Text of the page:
This house was designed and built to serve as a summer home for a family that lives in a European capital and is considering, and hoping, to eventually repatriate to Israel. Subsequently, our design can accommodate two possible “modes” of life in the house: a vacation mode (summer activities, use of the swimming pool) and an everyday life mode for a family with 3 children. The chosen style was urban and classically inspired, with an emphasis on living rooms, hosting, and recreation, as well as a strong connection to the outdoors.
The client wished to experience an inviting entryway and a large, impressive, 2-level entrance hall. A large living room and a spacious kitchen, opening up to a paved yard and a classic swimming pool, emphasize the home’s main function as a summerhouse. The pool-facing guest unit also reinforces this aspect of the house’s plan.
The upper floor consists of four bedrooms and two small but carefully planned bathrooms, allowing it to support families who wish to make the house their permanent place of residence, rather than just a vacation home. All upper floor rooms open to spacious balconies: the master bedroom has a private balcony facing west, overlooking the sunset and sea breeze; whereas the children’s rooms’ balconies overlook the swimming pool. A staircase, leading directly from the back yard into the children's' rooms, allows the house’s younger residents to have free access to the pool and back yard without having to pass through the elegant lower level.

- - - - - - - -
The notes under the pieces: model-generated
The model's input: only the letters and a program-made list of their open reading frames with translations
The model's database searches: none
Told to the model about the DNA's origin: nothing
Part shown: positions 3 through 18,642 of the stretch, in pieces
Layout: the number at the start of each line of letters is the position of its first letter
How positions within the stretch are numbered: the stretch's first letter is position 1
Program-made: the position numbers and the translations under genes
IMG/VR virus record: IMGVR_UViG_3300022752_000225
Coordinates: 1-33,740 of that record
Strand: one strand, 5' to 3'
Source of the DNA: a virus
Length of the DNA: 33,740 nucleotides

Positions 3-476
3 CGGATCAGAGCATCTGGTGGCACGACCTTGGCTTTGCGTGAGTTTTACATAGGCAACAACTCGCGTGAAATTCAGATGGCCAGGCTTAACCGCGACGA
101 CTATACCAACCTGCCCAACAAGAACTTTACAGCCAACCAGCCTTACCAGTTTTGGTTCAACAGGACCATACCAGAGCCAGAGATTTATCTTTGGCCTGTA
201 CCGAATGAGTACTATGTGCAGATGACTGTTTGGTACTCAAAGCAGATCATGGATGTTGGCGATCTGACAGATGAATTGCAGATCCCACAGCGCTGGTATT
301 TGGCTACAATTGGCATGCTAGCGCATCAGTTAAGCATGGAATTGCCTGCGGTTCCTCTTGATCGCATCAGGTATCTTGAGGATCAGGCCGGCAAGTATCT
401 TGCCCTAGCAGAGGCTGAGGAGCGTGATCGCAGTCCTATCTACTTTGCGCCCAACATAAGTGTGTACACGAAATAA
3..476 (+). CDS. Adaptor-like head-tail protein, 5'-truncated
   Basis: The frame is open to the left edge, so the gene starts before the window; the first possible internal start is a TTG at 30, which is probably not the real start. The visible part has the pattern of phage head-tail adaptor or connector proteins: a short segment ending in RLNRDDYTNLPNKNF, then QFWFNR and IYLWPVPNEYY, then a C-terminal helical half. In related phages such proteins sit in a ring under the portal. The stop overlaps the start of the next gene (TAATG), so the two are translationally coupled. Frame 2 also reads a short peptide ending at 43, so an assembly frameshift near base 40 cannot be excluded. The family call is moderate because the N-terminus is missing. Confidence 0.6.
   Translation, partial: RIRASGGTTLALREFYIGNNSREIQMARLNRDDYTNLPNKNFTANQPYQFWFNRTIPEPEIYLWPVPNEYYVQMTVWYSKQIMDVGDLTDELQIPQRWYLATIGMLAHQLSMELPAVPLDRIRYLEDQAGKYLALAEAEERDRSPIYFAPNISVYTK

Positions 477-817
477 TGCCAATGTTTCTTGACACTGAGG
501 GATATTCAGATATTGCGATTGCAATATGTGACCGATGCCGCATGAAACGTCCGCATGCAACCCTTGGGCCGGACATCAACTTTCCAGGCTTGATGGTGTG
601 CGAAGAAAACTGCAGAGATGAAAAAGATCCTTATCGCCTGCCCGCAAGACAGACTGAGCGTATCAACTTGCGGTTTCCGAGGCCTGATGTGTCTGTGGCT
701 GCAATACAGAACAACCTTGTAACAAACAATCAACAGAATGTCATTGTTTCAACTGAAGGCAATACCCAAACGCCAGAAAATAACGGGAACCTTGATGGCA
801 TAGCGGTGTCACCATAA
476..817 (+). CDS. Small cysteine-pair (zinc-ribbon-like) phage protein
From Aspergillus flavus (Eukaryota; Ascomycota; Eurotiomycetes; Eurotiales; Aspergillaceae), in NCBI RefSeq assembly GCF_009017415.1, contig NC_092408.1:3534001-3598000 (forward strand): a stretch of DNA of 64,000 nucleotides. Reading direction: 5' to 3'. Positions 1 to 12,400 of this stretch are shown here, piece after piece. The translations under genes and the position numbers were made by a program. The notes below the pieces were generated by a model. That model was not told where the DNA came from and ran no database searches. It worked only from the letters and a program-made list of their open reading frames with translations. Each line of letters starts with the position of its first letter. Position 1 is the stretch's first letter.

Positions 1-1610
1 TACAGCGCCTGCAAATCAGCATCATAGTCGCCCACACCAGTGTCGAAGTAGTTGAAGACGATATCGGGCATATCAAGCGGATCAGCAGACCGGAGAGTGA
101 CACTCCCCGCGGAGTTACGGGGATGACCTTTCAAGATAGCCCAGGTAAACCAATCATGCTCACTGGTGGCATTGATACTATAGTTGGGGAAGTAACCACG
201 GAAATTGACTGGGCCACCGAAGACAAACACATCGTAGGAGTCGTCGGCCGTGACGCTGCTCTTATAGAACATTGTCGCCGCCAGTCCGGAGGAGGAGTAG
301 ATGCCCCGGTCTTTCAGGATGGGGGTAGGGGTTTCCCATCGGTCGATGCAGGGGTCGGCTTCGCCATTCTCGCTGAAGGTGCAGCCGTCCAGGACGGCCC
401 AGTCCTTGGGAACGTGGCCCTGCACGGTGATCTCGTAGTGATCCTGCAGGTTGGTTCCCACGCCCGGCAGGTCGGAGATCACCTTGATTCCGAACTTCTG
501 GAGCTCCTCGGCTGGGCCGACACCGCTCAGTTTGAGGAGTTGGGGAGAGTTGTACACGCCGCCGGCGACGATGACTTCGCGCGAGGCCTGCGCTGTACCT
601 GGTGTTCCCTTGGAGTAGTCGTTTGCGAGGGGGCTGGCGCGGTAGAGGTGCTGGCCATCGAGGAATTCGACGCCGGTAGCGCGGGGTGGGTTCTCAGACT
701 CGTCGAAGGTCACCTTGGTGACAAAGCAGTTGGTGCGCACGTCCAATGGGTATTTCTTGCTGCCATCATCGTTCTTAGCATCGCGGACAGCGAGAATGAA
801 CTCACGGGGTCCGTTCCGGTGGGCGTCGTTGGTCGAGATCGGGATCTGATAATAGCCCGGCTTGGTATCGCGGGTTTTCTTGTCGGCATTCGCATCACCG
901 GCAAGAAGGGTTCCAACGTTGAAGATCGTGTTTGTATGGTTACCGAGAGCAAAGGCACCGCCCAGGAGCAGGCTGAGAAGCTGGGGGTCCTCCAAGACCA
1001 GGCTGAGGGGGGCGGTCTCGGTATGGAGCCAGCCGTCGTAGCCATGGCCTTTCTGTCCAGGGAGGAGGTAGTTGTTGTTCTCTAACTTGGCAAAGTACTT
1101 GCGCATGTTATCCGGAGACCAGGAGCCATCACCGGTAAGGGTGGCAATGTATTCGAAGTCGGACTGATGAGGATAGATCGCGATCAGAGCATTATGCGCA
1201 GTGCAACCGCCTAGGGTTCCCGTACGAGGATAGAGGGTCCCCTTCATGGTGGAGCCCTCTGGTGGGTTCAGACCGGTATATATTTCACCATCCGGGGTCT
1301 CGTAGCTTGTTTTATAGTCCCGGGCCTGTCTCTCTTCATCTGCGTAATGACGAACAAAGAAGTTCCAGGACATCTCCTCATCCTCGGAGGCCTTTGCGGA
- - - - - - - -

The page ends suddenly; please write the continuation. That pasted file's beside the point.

The facade's classic design, with a colonnade decorating the front, circumferential cornices, and rich frames on all the windows, emphasizes the distinctive character and style of the house, which stands out among its peers, as the client had requested. The finish materials also reflect the style: the stone floors throughout the house, including the staircases, and the winding, styled, steel railings on the balconies, staircases, fences, and gates complement the image.
The entire planning and construction process was done when the clients were abroad and, except for a few short visits, all communication was via telephone and email.